- Ramon Goose (b. January 16, 1977). Singer and guitarist from London, UK.
- Coot Grant (June 17, 1893 – December 26, 1970). Classic female blues, country blues, and vaudeville singer and songwriter.
- William Harris (dates unknown). American guitarist, singer, and songwriter. He recorded sixteen songs between 1927 and 1928, of which fourteen were released on record. AllMusic noted that Harris was "a fine second-level blues and folksong performer". His best known works are "Kansas City Blues," "Early Mornin' Blues," and "Hot Time Blues."
- Hattie Hart (born c. 1900). Memphis blues singer and songwriter.
- Buddy Boy Hawkins (unknown - unknown). Guitarist, singer, and songwriter. He recorded only 12 songs between 1927 and 1929, but Paul Oliver opined that "Hawkins was a major figure in black country music".
- Jessie Mae Hemphill (October 18, 1923 – July 22, 2006). Electric guitarist, songwriter, and singer of North Mississippi hill country blues.
- Lightnin' Hopkins (March 15, 1912, Centerville, Texas – January 30, 1982). Acoustic and electric guitarist, a major exponent of Texas blues and country blues and one of the best-known blues musicians.
- Son House (March 21, 1902 – October 19, 1988). Delta blues guitarist and singer.
- Peg Leg Howell (March 5, 1888, Eatonton, Georgia – August 11, 1966). Guitarist and singer who performed acoustic country blues in the Piedmont blues style.
- Hurray for the Riff Raff
- Mississippi John Hurt (July 3, 1893, or March 8, 1892 – November 2, 1966). Guitarist and singer.
- Melvin "Lil' Son" Jackson (August 16, 1915, Tyler, Texas – May 30, 1976). Acoustic and electric guitarist and singer of Texas blues.
- Papa Charlie Jackson (November 10, 1887 – May 7, 1938). Singer, guitarist, and banjo guitar and ukulele player.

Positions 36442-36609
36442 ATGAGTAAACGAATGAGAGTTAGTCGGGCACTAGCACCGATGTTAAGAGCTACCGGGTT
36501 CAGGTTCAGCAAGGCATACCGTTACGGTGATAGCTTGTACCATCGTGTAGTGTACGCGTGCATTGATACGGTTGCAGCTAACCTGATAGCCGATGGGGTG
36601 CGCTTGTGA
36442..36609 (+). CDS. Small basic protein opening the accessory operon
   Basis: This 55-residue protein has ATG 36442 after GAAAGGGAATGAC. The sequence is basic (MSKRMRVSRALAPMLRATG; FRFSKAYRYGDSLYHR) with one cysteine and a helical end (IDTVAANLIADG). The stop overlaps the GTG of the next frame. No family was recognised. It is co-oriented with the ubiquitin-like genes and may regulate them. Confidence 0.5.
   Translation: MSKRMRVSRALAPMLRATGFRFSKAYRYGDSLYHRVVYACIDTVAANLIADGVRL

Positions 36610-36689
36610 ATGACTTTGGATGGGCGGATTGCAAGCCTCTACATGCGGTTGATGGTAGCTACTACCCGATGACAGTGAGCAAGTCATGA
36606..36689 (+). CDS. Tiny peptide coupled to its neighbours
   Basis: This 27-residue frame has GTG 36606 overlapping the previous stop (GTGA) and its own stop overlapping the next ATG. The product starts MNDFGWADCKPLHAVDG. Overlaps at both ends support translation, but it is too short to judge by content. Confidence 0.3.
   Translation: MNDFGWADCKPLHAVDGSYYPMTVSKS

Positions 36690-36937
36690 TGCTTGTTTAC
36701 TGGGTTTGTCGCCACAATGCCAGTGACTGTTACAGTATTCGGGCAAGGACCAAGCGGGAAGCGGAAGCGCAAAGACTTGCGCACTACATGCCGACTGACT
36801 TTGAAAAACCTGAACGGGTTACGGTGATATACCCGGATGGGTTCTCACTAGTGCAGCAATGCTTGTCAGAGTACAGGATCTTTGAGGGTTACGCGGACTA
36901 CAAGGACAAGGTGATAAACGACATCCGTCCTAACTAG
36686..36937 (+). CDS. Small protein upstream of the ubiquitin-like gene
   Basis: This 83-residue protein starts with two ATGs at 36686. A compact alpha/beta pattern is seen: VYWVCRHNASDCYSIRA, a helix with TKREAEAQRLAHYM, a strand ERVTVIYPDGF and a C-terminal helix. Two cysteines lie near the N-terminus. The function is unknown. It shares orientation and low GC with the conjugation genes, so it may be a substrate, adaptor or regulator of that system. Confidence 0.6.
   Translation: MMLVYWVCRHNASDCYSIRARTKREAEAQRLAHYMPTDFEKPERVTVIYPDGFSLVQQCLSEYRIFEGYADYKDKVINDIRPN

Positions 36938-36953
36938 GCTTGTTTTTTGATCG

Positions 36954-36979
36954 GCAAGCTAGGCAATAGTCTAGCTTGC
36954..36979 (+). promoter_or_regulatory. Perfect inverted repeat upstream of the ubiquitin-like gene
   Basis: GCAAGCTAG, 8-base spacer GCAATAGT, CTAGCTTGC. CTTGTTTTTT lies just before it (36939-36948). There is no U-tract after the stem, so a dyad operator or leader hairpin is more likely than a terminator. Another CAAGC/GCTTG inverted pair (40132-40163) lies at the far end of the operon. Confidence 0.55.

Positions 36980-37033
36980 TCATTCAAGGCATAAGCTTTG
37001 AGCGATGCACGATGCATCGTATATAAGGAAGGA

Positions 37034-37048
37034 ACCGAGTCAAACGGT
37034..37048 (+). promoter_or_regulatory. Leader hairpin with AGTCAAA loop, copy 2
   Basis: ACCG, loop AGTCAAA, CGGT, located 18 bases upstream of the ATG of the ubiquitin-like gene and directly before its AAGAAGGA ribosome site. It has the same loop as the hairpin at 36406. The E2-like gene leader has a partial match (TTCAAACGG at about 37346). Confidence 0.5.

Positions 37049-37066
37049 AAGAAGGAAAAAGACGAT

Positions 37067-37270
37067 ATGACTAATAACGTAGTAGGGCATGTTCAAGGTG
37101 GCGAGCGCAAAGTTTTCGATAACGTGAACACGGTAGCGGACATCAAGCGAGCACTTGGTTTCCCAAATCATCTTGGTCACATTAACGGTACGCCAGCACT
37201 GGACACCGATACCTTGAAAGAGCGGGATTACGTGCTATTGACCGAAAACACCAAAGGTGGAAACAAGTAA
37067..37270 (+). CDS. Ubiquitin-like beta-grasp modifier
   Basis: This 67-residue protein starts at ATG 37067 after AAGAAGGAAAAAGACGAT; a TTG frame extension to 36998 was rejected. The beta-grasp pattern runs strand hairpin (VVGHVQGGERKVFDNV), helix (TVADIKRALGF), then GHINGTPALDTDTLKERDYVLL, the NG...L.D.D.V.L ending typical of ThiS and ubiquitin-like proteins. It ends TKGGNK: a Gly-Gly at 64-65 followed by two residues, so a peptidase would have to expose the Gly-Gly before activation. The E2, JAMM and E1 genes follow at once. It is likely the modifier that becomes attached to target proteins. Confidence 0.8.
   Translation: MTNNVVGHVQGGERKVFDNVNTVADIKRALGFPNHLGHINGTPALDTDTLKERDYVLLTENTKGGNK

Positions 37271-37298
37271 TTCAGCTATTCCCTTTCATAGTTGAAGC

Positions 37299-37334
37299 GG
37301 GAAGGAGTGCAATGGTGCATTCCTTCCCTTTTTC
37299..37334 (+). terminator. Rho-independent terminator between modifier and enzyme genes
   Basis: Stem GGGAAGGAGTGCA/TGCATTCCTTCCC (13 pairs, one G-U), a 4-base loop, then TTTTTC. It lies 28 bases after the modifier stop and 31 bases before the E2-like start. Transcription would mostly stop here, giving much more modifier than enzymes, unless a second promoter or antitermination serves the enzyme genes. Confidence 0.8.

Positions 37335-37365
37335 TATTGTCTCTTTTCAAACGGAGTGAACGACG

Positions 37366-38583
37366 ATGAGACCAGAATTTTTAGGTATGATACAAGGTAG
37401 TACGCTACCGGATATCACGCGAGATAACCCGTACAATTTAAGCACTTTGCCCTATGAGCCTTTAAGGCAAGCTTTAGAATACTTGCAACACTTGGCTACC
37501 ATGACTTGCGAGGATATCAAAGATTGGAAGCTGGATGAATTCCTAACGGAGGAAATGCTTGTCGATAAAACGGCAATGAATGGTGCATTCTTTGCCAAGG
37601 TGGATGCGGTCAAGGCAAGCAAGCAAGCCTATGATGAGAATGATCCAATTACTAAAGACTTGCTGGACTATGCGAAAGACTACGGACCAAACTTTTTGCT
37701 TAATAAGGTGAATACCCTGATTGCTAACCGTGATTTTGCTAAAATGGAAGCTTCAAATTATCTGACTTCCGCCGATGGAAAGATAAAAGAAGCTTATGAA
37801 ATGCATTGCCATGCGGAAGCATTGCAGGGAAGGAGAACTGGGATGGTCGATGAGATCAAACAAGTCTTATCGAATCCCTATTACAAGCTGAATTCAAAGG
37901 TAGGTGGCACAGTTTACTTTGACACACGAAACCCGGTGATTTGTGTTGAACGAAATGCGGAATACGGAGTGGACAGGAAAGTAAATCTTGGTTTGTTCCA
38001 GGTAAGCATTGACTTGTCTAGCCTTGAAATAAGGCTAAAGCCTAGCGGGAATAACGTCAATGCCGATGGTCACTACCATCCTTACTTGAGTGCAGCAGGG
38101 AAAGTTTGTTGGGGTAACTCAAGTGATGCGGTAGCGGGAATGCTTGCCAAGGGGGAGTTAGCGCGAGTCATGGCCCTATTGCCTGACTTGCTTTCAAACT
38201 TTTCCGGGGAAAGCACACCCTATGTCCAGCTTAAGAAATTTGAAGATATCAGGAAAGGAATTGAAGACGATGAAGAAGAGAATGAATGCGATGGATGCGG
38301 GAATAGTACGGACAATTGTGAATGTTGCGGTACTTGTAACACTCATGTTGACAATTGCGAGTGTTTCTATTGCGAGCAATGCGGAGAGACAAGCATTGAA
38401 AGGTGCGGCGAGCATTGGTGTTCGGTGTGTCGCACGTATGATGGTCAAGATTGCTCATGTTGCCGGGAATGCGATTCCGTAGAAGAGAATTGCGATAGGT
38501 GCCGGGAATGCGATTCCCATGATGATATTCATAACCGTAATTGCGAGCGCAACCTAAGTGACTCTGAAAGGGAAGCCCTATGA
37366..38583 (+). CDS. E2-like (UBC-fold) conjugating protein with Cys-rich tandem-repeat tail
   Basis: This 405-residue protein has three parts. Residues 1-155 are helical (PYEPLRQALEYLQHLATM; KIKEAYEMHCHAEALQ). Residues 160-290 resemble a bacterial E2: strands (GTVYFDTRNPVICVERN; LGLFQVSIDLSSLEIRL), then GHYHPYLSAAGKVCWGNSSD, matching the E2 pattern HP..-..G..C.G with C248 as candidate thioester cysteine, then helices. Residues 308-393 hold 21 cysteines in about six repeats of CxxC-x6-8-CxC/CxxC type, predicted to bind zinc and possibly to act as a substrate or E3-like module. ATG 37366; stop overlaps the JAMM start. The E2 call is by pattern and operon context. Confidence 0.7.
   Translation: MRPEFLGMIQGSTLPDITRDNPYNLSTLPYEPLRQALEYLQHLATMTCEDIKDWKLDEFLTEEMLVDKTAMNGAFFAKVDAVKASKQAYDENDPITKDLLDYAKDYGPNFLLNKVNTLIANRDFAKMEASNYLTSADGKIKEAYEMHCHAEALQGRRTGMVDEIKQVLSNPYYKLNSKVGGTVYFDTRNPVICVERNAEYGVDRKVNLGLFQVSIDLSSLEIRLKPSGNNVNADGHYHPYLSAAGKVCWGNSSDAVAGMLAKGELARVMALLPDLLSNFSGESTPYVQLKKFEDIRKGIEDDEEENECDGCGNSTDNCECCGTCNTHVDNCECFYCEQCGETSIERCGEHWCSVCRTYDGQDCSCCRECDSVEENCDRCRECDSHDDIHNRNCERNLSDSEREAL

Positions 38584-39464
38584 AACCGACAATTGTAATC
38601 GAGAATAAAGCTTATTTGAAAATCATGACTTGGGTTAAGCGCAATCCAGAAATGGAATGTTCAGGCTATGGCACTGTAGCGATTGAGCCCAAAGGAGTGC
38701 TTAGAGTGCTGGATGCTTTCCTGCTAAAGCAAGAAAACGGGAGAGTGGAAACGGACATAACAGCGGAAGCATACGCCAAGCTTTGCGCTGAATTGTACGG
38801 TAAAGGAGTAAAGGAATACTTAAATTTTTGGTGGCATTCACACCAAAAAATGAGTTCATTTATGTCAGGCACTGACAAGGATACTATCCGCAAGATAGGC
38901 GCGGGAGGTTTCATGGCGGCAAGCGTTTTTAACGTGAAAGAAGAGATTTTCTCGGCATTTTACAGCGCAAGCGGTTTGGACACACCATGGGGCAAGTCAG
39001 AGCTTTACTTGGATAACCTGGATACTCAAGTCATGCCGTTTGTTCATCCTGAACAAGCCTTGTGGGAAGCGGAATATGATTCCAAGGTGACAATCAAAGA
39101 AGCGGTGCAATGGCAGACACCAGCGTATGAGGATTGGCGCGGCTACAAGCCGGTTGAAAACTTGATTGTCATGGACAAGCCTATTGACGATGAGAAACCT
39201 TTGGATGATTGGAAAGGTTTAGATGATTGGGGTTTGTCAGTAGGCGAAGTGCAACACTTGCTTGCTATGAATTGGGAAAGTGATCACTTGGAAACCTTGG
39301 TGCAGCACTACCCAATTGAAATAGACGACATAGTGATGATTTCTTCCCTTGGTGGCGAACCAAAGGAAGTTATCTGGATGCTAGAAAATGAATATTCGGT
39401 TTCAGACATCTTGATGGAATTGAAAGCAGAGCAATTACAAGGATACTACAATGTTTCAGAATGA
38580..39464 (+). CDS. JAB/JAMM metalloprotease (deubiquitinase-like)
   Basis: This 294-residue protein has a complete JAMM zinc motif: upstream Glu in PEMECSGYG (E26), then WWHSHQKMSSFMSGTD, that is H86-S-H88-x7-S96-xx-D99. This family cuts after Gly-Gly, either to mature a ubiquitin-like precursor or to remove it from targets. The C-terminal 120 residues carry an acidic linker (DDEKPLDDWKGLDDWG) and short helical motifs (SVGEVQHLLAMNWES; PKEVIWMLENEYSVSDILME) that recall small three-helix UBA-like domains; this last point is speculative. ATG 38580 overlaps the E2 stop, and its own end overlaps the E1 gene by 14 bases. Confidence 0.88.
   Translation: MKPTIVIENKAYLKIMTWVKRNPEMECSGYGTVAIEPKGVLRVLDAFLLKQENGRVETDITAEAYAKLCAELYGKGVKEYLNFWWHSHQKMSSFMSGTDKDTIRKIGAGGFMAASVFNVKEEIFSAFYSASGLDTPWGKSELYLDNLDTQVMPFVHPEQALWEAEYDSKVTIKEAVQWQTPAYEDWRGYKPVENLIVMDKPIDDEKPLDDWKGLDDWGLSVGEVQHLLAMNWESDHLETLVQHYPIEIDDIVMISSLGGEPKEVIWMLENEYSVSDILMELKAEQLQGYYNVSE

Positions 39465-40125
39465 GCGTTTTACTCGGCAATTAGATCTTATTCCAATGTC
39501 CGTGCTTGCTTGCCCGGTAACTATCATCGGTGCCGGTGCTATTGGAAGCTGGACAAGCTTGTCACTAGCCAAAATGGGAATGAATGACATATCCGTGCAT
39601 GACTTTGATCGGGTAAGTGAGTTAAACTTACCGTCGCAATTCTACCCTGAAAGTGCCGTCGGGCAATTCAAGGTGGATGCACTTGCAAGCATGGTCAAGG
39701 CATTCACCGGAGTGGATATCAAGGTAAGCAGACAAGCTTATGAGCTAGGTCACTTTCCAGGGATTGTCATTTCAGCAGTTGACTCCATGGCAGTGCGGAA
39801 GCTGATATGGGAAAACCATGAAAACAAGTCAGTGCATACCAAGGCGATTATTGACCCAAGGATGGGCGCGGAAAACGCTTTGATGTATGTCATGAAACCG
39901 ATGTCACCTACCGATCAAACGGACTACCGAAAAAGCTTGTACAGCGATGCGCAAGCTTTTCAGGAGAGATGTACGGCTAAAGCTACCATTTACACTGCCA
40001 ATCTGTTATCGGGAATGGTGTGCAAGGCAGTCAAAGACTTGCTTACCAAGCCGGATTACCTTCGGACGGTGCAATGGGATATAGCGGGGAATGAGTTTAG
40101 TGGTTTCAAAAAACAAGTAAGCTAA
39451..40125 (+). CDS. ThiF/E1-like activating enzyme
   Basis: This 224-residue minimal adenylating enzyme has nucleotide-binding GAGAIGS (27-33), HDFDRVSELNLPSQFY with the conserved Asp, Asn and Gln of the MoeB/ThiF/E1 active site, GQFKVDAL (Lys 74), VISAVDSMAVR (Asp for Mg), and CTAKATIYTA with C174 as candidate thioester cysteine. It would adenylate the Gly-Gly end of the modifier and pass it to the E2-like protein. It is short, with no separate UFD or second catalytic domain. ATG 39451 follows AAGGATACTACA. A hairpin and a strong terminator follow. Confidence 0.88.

- Skip James (June 9, 1902 – October 3, 1969). Delta blues singer, guitarist, pianist and songwriter.
- Blind Lemon Jefferson (September 24, 1893 – December 19, 1929). Blues and gospel singer, guitarist, and songwriter, one of the most popular blues singers of the 1920s, who has been called the "Father of the Texas Blues".
- Herman E. Johnson (born August 18, 1909 - February 2, 1975). Blues singer and guitarist.
- Lonnie Johnson (February 8, 1899 [disputed, possibly 1889 or 1894] – June 16, 1970). Blues and jazz singer, guitarist, violinist and songwriter, a pioneer of jazz guitar and jazz violin, recognized as the first to play an electrically amplified violin.
- Robert Johnson (May 8, 1911 – August 16, 1938). Delta blues singer, songwriter, guitarist, and harmonica player.
- Blind Willie Johnson (c. 1897, Marlin, Texas – September 18, 1945). Primarily a gospel blues guitarist and singer, an early innovator of the slide guitar, using a pocketknife as a slide. His birthdate and place of birth are uncertain. Johnson mixed evangelical lyrics with country blues and early Texas blues. He is best remembered for studio recordings he made for Columbia Records in 1927.
- Richard Johnston
- Tutu Jones (born September 9, 1966, Dallas, Texas). Electric blues and soul blues guitarist, singer and songwriter.
- Luke Jordan (January 28, 1892, Bluefield, West Virginia – June 25, 1952). Guitarist performing Piedmont blues and East Coast blues. He spent most of his career in Lynchburg, Virginia. Not many of his recordings survive, but Jordan was undeniably a major early influence on musicians playing in the Piedmont style.
- Junior Kimbrough. (July 28, 1930, Hudsonville, Mississippi – January 17, 1998). Born David Kimbrough, he was an acoustic and electric guitarist and singer of country blues, Delta blues and juke joint blues. He recorded several albums for Fat Possum Records.